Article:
Canada’s forest area of 347 million hectares (ha) has been quite stable over the past 25 years.
- From 1990 to 2015, Canada’s forest area has decreased by 1.2 million ha (0.34%).
- The net reduction in forest area over this period is attributed to the clearing of forest land for new, non-forest land uses (for example, agriculture, roads and hydroelectric developments).
- While forest area is relatively constant, forest cover within is much more dynamic. Forest fires, insect infestations, timber harvesting, growth and regeneration contribute to the ever-changing mosaic of forest cover within Canada’s forest area.
In previous State of Canada’s Forests reports, forest area was based on the National Forest Inventory (NFI) baseline survey (period of measurement from 2000 to 2006). Now, to provide trend data and to align with other reporting organizations, forest area is adjusted for known deforestation and afforestation to provide values for other reporting years. The next survey of the NFI is expected to be completed in time for 2020.
Why is this indicator important?
- Permanent losses and gains in forest area affect the long-term availability of resources, wildlife habitat, biodiversity and ecosystem services such as carbon sequestration and water and air purification.
What is the outlook?
- The overall forest area is expected to remain stable over the next 10 to 20 years.
- Over the longer term, the effects of climate change on growing environments could redraw the boundaries within which forests grow.
- Federal, provincial and territorial governments are collaborating to track changes in forest area using a network of permanent photo plots across Canada. This information, paired with additional data from survey efforts focused on monitoring deforestation, is used to report on forest area and how it is changing over time.
- Food and Agriculture Organization of the United Nations. 2012. FRA 2015: Terms and definitions. Forest Resources Assessment Working Paper 180. Rome, Italy.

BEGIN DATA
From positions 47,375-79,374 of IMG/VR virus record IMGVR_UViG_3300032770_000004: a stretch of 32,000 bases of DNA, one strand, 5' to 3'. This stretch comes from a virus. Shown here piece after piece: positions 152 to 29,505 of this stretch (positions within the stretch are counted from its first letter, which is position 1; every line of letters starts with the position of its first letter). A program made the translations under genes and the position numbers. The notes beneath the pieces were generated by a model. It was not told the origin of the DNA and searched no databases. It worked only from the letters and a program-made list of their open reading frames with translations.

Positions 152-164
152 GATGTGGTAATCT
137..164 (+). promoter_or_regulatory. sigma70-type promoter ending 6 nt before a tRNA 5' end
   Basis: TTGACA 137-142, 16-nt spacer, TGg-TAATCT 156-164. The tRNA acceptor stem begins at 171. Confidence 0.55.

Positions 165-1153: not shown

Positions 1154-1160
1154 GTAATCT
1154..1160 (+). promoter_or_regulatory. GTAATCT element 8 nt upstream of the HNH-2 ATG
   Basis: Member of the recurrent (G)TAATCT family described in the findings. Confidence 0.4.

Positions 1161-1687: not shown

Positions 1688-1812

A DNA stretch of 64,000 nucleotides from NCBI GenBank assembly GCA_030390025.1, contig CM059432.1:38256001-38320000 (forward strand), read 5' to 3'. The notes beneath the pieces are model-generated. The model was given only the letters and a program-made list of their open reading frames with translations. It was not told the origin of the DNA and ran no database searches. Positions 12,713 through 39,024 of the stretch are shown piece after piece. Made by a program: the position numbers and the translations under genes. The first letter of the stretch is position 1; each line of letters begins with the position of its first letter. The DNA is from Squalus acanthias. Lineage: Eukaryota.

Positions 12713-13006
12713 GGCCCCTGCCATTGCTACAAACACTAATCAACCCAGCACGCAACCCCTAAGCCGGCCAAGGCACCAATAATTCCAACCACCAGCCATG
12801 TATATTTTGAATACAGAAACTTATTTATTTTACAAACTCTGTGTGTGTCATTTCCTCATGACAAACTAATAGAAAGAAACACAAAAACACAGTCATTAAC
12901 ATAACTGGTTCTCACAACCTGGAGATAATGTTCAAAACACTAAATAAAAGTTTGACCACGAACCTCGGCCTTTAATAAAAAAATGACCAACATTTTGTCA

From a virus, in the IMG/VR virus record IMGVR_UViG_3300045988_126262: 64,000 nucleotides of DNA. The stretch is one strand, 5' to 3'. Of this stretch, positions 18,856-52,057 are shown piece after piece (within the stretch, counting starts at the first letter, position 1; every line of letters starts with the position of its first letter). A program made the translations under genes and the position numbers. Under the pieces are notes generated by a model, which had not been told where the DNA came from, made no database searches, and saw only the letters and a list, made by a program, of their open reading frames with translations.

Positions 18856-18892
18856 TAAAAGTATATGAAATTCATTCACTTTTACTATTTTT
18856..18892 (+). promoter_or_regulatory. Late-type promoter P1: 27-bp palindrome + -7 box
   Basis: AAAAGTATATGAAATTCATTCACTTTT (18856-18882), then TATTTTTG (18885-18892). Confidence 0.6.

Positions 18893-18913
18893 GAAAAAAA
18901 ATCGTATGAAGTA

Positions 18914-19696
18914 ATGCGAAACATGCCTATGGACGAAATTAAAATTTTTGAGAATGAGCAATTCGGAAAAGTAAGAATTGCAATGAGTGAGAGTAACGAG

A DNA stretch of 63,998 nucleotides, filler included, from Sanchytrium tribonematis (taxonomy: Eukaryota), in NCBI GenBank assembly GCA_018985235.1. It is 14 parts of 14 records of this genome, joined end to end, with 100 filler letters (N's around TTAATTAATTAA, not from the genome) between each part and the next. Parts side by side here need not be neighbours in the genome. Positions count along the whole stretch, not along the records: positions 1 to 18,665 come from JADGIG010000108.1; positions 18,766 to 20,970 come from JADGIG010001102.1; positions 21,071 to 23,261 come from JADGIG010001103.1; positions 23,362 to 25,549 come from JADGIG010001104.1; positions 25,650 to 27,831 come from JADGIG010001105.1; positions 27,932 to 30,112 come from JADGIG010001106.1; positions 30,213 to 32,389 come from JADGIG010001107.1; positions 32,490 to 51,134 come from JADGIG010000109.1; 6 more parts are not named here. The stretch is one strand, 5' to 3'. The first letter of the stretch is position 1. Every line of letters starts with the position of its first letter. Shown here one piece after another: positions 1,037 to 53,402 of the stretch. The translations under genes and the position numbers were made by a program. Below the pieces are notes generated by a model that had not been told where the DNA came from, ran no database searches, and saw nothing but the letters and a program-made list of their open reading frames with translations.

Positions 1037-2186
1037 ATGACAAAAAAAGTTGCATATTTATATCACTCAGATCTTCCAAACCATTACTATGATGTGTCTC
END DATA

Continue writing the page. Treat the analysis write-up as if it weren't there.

- Food and Agriculture Organization of the United Nations. 2014. Global forest resources assessment 2015 – Country report: Canada. Rome, Italy.
- National Forest Inventory. Standard reports, Table 4.0, Area (1000 ha) of forest and non-forest land in Canada. (accessed March 10, 2017).
- The base estimate of forest area for Canada comes from the National Forest Inventory (NFI) baseline report at the source above.
- The estimate of current forest area (2015) was calculated by taking the NFI baseline estimate and adjusting it for known increases in forest area (afforestation) and known decreases in forest area (deforestation) that occurred during the time since the NFI baseline data were collected. These adjustments are described in Canada’s country report to the Food and Agriculture Organization (FAO) of the United Nations for Global Forest Resources Assessment 2015, listed above.
- The Food and Agriculture Organization of the United Nations definition of “forest” and other terms are provided in FRA 2015: Terms and Definitions, listed above.
- Additional information can be found at:
- Dyk, A., Leckie, D., et al. 2015. Canada’s national deforestation monitoring system: System description. Natural Resources Canada–Canadian Forest Service, Victoria, BC.
- Johnston, M., Campagna, M., et al. 2009. Vulnerability of Canada’s tree species to climate change and management options for adaptation: An overview for policy makers and practitioners. Canadian Council of Forest Ministers, Ottawa ON.
- Natural Resources Canada–Canadian Forest Service. Changing climate, changing forest zones.
- Price, D.T., Alfaro, R.I., et al. 2013. Anticipating the consequences of climate change for Canada’s boreal forest ecosystems. Environmental Reviews 21, 322–365.
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